The pond of the Riehener Fondation Beyeler otherwise corresponds to Monet’s water lily pictures. It is, as it were, the connecting bridge between the museum park and the museum itself. With his current exhibition LIFE, the Berlin artist Olafur Eliasson radicalizes this connection: He colors the water a poison green, tears open the windows of the foundation, builds bridges and extends the pond deep into the exhibition rooms. What an effort for a temporary, ephemeral work of art.
A memory of an experience of my youth imposes itself on me. I grew up less than five kilometers from the location of today’s Fondation Beyeler. It was November 1, 1986, I was 15. In the “Schweizerhalle” chemical site in Basel, a warehouse belonging to the chemical company Sandoz – now Novartis – is burning brightly, the air stinks, the Rhine is colored red with discolored extinguishing water. Meanwhile I’m not sure whether we went to see it, but in any case the image of the discolored Rhine from television left an impression on me.
The poison green color of the Beyeler pond urges you to approach the water and see if there is still life there. And now my six-year-old son, whom I had with me in the exhibition, comes into play. Julius lay down on the edge of the pond and looked inside what was to be discovered besides the coloring. And he found: water snails at the edge of the pond, tadpoles in all possible stages of development (without legs, with four legs) and dragonflies. It’s amazing that the artificiality of the pond finally makes you want to take a closer look at the life in it.
And maybe the six-year-old understood the work of art better than some art experts on site. Julius ran up and down the walkways, in the museum, out again, trampled along the walkway so that his steps echoed, laughed screeching, enjoyed the thrill (no handrail on the walkway!). I want to know what would have happened if he slipped and fell into the ankle-deep pond. In any case, it wouldn’t have been as bad as a fall against a Giacometti sculpture. I think.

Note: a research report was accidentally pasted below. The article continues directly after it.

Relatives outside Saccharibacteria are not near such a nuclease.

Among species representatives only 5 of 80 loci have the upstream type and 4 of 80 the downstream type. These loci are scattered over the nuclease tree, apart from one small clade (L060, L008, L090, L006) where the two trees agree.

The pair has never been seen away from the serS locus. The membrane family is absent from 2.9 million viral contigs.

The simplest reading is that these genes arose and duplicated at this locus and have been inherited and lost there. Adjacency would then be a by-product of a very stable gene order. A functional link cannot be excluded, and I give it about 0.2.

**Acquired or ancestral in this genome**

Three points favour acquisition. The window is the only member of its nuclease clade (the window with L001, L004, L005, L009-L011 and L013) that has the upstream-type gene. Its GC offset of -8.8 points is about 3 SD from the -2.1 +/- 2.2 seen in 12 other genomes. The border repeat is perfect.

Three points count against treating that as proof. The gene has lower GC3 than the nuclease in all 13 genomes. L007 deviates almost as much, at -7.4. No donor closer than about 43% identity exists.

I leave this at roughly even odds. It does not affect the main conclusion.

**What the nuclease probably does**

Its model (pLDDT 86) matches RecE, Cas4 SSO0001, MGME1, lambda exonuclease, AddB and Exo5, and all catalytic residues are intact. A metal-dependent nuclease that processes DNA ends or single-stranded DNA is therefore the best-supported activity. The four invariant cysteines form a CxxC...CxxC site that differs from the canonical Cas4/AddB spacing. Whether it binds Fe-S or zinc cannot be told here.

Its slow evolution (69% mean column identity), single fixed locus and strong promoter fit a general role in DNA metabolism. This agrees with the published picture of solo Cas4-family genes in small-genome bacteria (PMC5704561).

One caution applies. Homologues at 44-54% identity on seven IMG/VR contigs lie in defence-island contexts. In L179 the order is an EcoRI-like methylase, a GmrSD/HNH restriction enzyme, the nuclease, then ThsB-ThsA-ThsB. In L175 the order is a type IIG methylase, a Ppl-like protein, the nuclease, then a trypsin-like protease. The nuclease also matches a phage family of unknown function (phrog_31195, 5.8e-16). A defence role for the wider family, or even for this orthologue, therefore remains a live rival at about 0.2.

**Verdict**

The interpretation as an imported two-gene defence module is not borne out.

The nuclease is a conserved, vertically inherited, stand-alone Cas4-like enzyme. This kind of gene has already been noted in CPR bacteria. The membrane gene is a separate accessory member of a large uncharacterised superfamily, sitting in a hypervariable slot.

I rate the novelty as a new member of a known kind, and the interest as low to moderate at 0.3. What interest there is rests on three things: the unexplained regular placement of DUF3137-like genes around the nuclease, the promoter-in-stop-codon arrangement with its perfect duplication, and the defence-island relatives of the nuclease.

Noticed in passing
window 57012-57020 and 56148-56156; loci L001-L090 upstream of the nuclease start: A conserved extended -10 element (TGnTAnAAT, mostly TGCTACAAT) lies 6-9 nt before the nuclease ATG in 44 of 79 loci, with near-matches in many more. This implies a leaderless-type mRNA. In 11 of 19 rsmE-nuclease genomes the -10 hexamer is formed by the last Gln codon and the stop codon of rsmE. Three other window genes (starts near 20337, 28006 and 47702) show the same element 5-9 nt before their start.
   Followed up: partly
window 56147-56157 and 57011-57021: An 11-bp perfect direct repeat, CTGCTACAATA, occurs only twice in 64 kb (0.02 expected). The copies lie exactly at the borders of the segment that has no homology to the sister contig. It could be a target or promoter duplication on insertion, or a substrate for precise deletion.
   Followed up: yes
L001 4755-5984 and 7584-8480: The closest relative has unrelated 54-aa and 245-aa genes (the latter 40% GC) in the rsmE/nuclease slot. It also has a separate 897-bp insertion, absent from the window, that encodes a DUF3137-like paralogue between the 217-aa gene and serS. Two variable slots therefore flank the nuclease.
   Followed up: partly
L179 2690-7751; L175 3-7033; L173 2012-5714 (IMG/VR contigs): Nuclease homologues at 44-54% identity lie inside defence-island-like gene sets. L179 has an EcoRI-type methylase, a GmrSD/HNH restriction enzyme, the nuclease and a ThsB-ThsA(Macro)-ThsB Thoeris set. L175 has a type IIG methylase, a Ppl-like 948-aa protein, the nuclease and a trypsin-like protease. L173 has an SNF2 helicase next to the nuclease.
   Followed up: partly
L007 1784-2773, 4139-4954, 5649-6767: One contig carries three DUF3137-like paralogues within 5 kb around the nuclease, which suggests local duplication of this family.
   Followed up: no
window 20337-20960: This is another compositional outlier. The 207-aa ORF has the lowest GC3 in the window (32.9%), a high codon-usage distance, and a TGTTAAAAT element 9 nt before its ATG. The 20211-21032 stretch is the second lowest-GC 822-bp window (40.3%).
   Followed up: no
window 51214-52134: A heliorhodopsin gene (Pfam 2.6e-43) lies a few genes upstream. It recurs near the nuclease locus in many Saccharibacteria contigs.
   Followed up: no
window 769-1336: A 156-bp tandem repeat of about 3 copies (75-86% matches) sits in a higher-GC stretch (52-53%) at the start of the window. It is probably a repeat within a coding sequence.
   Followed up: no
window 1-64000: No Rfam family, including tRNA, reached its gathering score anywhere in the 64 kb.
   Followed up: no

But you can also just sit outside in the “amphitheater” and look at the pond and the visitors. „Get caught up in the involutionary momentum that propels these beings to get entangled in one another’s lives and you will soon start to perceive affective ecologies taking shape among the thicket of relations all around you,“ explains anthropologist Natasha Myers.
Additional levels of experience result from a nightly visit, but also from a virtual, kaleidoscopic visit via livestream on Eliasson’s website: https://olafureliasson.net/life/ . With LIFE, Eliasson addresses the exhibition location as part of a work of art, and we come across the fact that one of the key protagonists in the creation of a work of art is the recipient. So: we. Eliasson explains: „With Life, I work actively to create a space of coexistence among those involved in and affected by the exhibition – the art institution, my artwork, the visitors, other beings that join in, the trees and other plants in the park, the urban landscape that surrounds the museum, and beyond. Through collectively exploring the world we share, we can, I hope, make it livable for all species.“
Go and experience it at Fondation Beyeler, Riehen, Switzerland. Learn more on https://life.fondationbeyeler.ch/en
Monday to Sunday 10–18
► Life accessible around the clock (Tickets 9 a.m.-9 p.m.)